Why don't we take that into account? How is a breaker that trips 25% higher than nameplate for at least 5 months of the year, in my area, a code compliant installation?In cold environments, thermal magnetic breakers will carry more current, is that what you are referring to? But for the most part the 'up North here' nobody takes the characteristics into consideration. There are thousands of multi-metering applications installed where no adjustments have been required.
The emergency disconnect, like the meter disconnect, probably would not need to be rated to close into a fault condition, and may not even need to break bolted fault conditions, unlike a service disconnecting means.
Based on the lack of any significant number of reported issues with this type of installation, I would guess the NEC tables for conductor sizing are sufficiently conservative and therefore the overcurrent protective device performance is satisfactory.Why don't we take that into account? How is a breaker that trips 25% higher than nameplate for at least 5 months of the year, in my area, a code compliant installation?
It code permitted increase is not as much as the increase in the trip point. The maximum multiplier in 310.15(B)(2)(a) is 1.15. Also, in many cases only a very small part of the conductor run is outside. Square D shows a 25% shift for their larger breakers in a 50°F ambient. While there would be some slight increase in the interior of the enclosure, I expect that in my area, a single main breaker in an exterior enclosure would operate at or below 50°F for about 5 months of the year.Doesn't conductor ampacity also increase under those conditions?
For derating purposes, you need to find the temperature derating curves and not simply shift the standard TCC. Use their publication called "Current Carrying Capacity In Special Applications" (0100DB0101).
QOT 20A trips around 22A,
QO 20A trips around 26A
QOM100A trips around 125A
QOM 200 trips around 260A
My copy of this publication is from July 1988 (#SD361 R1) and has the same curves as the link I provided.
The dashed lines on the trip curve should be based on the NEMA standard AB-2 for a single pole breaker, rather than on the actual breaker. This is probably a worse case 'long time delay', but honestly, I have never seen a clear explanation of when/how this reference would be used.
UL has told me that this is a 110.3(B) instruction and prohibits the installation of the breaker in an outside location in my area.Square D circuit breakers can be applied in ambient temperatures within the range of -10°C to 60°C (14°F to 140°F). This document provides guidelines to follow when adjusting for ambient conditions.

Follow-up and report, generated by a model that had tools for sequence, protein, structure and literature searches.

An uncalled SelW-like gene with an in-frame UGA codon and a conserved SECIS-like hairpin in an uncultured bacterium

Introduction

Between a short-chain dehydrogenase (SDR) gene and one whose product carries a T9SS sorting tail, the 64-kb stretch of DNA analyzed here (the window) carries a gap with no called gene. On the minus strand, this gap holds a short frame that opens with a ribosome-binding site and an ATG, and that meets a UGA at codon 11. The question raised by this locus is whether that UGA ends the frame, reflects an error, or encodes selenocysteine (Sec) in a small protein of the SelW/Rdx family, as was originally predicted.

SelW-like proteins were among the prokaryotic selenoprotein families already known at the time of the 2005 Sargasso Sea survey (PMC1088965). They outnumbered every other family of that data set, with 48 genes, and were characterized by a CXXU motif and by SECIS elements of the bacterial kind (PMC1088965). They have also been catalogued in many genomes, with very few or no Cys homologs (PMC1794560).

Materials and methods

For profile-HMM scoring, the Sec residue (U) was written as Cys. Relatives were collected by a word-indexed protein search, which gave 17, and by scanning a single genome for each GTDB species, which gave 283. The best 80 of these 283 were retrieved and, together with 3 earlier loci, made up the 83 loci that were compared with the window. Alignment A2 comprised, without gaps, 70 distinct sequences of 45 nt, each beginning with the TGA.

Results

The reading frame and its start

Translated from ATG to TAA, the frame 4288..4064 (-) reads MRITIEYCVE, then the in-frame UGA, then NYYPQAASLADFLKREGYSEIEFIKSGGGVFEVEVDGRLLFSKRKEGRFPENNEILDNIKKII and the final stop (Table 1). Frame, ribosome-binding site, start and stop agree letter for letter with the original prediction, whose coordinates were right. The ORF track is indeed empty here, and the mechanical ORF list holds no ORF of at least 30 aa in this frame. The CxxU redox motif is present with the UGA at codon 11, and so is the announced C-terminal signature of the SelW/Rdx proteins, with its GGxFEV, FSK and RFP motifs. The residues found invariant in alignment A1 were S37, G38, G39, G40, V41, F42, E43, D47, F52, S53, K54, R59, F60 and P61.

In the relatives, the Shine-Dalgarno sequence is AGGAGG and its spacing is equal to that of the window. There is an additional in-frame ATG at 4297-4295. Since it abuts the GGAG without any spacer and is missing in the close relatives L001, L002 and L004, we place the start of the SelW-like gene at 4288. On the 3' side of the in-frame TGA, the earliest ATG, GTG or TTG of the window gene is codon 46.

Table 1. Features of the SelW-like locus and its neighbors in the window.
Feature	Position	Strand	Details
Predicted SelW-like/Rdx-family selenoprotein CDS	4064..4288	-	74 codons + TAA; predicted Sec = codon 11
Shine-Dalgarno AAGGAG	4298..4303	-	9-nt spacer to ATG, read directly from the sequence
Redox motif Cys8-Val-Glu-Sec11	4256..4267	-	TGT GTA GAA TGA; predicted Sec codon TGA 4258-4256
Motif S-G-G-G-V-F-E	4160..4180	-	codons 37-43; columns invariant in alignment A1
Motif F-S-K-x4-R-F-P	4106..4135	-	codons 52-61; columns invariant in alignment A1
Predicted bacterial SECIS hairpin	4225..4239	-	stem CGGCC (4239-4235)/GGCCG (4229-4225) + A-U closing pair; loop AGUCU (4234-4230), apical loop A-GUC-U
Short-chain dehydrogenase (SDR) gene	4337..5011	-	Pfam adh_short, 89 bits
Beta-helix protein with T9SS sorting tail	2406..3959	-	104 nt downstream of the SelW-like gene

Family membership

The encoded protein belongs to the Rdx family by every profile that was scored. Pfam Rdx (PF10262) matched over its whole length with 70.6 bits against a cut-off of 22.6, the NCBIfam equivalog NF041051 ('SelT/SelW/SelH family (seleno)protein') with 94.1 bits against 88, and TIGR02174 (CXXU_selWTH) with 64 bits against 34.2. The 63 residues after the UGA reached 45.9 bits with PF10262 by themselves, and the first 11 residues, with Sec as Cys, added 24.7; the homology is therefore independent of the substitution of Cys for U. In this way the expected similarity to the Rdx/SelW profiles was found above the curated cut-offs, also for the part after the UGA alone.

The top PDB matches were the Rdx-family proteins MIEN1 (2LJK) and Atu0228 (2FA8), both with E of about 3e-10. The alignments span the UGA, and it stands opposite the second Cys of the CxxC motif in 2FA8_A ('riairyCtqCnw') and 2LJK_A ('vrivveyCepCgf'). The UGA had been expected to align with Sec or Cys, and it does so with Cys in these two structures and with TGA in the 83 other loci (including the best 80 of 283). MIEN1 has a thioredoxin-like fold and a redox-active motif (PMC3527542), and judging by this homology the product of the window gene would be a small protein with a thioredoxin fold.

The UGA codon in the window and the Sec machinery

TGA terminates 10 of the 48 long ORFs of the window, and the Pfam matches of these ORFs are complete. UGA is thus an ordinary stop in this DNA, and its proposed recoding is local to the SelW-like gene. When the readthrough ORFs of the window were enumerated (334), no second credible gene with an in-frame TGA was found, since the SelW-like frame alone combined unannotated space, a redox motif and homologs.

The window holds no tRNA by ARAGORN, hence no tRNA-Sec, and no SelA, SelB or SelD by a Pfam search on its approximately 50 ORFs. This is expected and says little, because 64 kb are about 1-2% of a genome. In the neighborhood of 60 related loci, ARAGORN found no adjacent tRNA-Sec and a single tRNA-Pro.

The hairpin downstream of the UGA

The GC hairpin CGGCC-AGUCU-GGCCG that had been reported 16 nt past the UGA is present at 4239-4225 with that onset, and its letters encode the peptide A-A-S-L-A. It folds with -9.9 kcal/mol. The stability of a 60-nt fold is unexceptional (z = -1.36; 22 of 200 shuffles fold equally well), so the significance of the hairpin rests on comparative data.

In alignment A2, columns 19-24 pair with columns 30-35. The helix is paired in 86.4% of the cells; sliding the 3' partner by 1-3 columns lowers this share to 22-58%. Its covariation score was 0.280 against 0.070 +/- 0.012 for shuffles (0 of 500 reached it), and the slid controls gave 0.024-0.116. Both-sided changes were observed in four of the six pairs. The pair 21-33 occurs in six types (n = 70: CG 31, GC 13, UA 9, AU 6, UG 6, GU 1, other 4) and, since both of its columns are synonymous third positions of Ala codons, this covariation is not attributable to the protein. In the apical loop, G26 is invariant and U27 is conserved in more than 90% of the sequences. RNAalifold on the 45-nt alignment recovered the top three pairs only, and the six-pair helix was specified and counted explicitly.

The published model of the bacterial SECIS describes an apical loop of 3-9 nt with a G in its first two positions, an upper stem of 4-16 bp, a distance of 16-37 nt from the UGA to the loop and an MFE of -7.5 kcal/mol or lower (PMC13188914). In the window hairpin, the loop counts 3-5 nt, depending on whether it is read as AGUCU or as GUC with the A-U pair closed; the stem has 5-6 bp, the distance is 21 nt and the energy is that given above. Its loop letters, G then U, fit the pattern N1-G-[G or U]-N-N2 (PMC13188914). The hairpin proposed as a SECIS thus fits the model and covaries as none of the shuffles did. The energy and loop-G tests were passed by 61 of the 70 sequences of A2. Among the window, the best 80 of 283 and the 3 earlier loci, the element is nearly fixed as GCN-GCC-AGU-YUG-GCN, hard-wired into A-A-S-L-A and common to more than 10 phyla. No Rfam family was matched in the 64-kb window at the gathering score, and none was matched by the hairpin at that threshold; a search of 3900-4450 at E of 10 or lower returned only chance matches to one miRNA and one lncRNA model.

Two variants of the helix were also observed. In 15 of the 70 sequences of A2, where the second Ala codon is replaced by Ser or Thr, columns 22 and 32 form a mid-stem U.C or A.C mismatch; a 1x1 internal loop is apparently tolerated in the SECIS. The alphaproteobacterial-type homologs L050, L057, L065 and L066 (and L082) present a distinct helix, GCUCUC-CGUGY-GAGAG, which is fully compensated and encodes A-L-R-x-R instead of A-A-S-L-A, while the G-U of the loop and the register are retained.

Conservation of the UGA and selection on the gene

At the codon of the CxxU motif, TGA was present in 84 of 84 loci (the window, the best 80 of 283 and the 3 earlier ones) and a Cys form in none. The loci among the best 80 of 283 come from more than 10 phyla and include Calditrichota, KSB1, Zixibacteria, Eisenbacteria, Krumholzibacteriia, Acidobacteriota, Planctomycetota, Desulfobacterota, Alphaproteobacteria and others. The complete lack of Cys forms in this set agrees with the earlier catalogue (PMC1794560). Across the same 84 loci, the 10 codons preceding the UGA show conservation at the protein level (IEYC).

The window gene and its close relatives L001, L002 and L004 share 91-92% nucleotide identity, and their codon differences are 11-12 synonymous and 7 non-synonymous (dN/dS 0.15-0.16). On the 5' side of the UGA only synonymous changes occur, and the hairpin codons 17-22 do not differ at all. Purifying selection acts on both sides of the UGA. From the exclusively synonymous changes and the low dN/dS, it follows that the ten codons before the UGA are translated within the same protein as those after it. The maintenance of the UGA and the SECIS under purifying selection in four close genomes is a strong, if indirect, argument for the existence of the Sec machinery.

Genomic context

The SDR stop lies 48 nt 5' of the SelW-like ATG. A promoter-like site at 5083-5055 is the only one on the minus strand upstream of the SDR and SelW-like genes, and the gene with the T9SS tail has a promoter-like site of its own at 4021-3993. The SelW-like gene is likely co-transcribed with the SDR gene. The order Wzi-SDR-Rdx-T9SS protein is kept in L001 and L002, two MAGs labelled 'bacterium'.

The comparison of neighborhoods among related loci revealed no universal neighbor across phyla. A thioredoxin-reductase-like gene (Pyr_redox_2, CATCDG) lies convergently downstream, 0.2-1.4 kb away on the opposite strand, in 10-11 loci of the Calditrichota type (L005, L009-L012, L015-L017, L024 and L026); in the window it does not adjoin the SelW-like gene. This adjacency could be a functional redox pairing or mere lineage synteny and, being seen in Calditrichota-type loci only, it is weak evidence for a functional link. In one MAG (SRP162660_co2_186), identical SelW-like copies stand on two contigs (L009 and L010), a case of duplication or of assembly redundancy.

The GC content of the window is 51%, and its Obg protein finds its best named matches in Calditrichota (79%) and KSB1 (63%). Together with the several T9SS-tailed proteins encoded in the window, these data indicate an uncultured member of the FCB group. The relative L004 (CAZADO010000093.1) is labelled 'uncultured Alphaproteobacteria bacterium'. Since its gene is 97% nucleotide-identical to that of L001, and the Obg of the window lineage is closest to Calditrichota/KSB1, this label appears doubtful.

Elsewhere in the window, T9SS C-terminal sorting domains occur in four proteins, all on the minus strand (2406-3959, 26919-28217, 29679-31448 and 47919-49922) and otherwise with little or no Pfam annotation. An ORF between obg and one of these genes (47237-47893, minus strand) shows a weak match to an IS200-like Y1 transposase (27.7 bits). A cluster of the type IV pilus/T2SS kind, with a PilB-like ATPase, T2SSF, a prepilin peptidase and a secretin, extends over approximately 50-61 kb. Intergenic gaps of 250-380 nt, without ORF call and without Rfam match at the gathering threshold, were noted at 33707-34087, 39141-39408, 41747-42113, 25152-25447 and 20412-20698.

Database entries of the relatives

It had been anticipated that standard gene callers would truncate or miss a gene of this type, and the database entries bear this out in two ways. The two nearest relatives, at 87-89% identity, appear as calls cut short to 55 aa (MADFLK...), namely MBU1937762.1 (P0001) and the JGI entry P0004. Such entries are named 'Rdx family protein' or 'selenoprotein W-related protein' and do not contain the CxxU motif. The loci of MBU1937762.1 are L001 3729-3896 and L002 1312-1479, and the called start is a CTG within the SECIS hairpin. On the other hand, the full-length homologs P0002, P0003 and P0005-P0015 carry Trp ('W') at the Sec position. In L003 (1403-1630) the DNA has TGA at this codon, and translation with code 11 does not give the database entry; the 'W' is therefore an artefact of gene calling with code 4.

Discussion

The dashed line is not a characteristic of the breaker shown in the TCC. It is representative of a generic worst case device.How is the dashed line different from the 40°C trip band on the same trip curve?
So we shouldn't use breakers outside where it gets cold. With the emergency disconnect rule, I think we will see a lot more outside service overcurrent protective devices. Maybe an Informational Note should be added to 230.85.The dashed line is not a characteristic of the breaker shown in the TCC. It is representative of a generic worst case device.
I can't think of any breaker that would not be somewhat affected by temperatures below 14°F. Many greased mechanism parts tend to be sluggish at 'negative' temperatures.
I didn't say that.So we shouldn't use breakers outside where it gets cold.
If the circuit breaker panel is located outside and has a main breaker, can this main breaker serve as the above mentioned main service disco?I was talking to an inspector from my area yesterday and he mentioned there may be a new requirement to have a main service disco on the residence(outside, on side of building) for 2020. Presumably for first response reasons but I don't know for sure. Anyone know more about this?
But I did say that and the manufactures publications are 110.3(B) instructions. Just because we have not had seen problems does not mean there is not a code violation.I didn't say that.
Our industry has 50+ years of outdoor breaker installation history, particularly with multi-meter centers. I have no significant amount anecdotal evidence of outdoor breakers not offering appropriate protection except when they overheat in sunshine.